Just for the record, America can elect ten black Presidents and never make up for slavery and segregation. But the very thought that America, and commentators in America, think that we’re “even” now, and that America has somehow gotten past race and racial differences, is incredulous. The election of Barack Obama simply means America has progressed to the extent that, in its worse realities, it was not prepared to allow race to hold the nation back, as it once would have. It doesn’t mean America has progressed to the extent where it would look past race to allow the nation to move ahead.

There is a difference, and here it is: we all know that Obama was the superior candidate throughout the campaign season - but not one person would have bet his or her home or life savings that Obama would, for sure, be elected the next President of the United States. The Republicans ran inferior candidates and presented the inferior arguments, and even in the face of a discredited party and a failing economy, John McCain was in the race until the last week before the election. Even then, the nation feared a “Bradley effect” that most whites wouldn’t vote for a black candidate - even when it became obvious that the country really experienced a reverse Bradley effect whereby many whites wanted to (and did) vote for the best candidate but couldn’t publicly state they had for fear of being viewed as traitors to white privilege and white interests.

Race is most subtle in American culture, but it is still present. Yes, an aspect of Dr. King’s “dream” was fulfilled when America elected Obama, based on the content of his character, and not on the color of his skin. But America still has massive racial disparities in income, wealth, health and education. America still prosecutes and jails more African Americans, discriminates more in housing and credit, charges them higher interest on loans, hires them last, fires them first, still wages hates crimes against them in disproportionate measure and mocks them disproportionately as less responsible, less moral, less civil and less “patriotic.”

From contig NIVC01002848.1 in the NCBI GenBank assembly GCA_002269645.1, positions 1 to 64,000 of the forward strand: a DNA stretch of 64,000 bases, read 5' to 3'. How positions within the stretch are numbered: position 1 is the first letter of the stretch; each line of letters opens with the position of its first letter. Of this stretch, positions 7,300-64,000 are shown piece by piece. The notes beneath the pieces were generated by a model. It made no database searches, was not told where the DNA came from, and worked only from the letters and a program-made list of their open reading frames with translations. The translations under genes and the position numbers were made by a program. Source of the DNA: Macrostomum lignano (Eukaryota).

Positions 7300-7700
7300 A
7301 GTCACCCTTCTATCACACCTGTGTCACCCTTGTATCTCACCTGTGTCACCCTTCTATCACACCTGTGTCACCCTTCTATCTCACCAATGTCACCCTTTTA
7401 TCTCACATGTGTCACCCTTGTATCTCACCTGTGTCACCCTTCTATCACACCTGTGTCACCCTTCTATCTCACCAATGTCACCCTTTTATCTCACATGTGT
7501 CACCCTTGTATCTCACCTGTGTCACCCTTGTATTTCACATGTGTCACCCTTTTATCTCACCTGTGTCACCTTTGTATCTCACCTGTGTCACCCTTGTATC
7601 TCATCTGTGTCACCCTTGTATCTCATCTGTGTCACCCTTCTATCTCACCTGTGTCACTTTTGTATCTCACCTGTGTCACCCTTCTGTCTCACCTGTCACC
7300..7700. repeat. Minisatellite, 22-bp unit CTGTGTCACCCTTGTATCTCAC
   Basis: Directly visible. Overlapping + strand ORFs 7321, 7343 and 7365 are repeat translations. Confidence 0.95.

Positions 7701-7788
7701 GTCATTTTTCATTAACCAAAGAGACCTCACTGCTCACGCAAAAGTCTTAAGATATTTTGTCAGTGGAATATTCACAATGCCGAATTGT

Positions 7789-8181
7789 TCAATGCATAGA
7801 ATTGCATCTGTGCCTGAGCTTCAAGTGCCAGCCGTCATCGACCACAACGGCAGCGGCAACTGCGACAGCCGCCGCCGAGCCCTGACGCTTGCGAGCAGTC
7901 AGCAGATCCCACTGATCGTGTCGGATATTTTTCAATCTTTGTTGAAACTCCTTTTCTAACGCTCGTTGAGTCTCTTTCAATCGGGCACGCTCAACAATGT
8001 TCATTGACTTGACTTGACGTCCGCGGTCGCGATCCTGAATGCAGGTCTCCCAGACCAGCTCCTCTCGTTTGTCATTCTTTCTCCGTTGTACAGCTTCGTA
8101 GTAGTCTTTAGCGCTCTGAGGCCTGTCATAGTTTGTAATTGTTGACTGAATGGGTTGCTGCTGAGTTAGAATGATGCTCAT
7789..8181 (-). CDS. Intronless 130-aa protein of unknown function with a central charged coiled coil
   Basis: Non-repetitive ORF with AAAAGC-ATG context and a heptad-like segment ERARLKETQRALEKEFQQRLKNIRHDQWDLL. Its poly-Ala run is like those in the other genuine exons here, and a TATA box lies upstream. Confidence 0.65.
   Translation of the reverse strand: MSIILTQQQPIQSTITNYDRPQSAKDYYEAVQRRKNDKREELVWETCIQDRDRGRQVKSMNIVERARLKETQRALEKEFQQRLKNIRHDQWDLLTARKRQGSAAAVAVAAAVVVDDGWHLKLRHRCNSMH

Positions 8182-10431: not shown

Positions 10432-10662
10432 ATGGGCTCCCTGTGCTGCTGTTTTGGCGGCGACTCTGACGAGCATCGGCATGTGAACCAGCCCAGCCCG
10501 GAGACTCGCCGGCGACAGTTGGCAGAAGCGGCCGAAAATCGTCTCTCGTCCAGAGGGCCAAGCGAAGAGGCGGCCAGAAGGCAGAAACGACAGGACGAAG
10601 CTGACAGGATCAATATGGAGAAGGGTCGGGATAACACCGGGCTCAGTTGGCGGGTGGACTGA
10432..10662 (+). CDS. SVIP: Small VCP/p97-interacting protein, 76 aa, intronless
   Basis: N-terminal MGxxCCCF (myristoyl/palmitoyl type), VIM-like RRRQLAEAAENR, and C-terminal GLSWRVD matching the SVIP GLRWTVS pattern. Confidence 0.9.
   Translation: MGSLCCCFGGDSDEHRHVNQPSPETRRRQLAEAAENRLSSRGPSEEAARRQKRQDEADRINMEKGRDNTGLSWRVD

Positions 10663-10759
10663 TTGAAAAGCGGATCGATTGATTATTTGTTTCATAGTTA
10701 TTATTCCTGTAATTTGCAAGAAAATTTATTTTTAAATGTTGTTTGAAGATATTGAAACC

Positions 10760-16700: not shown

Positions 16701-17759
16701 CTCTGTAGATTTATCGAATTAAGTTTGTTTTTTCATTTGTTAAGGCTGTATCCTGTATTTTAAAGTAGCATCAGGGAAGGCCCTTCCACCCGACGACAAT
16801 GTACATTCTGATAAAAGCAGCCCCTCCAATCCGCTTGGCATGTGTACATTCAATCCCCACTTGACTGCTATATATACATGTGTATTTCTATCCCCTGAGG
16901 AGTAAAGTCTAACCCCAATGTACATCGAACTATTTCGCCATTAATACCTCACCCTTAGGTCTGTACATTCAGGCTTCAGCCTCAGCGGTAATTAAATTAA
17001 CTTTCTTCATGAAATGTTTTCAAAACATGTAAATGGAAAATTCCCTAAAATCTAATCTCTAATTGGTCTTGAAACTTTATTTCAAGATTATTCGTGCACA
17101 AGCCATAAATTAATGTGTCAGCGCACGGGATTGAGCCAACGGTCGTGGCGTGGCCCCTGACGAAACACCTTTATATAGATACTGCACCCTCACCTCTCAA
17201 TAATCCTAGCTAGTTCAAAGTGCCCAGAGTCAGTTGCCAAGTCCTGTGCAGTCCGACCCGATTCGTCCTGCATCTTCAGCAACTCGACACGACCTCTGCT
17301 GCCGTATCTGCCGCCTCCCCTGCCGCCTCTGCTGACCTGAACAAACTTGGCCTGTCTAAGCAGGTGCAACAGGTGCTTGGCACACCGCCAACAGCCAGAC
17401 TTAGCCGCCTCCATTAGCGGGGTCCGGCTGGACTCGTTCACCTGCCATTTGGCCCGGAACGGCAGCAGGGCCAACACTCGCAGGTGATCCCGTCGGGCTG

Black America has a long way to go to be considered full partners in this “American Dream.” What we do know is that it took a huge leap of faith in electing Barack Obama, and kept its promise in this week’s swearing-in ceremony. Now, black America is taking a huge leap of faith that the check marked “insufficient funds” in the “dream” Dr. King spoke to 45 years ago will be paid - not on the backs of future generations - but by the dreams and aspirations of future generations of black youngsters who never knew the real possibilities of their full potentials, much less this possibility, because of race reality in America. Has that really changed?

That is a question that is yet to be determined. In the meantime, we know one thing for sure: no, the dream hasn’t been completely fulfilled. But America made a helleva down payment in electing Barack Obama. Maybe, just maybe, change has indeed come to America. Columnist, Dr. Anthony Asadullah Samad, is a national columnist, managing director of the Urban Issues Forum and author of Saving The Race: Empowerment Through Wisdom. His Website is Click here to contact Dr. Samad.

Any article may be re-printed so long as it is re-printed in its entirety and full credit given to the author and If the re-print is on the Internet we additionally request a link back to the original piece on our Website.

Your comments are always welcome.

eMail re-print notice

If you send us an eMail message we may publish all or part of it, unless you tell us it is not for publication. You may also request that we withhold your name.

Thank you very much for your readership.

Your comments are always welcome.


January 22, 2009
Issue 308

is published every Thursday

Executive Editor:
Bill Fletcher, Jr.
Managing Editor:
Nancy Littlefield
Peter Gamble
Est. April 5, 2002
Printer Friendly Version in resizeable plain text format or pdf format.
Frequently Asked Questions
Comment and read the comments of others on the Blog.
click here to buy & benefit BC
Cedille Records Sale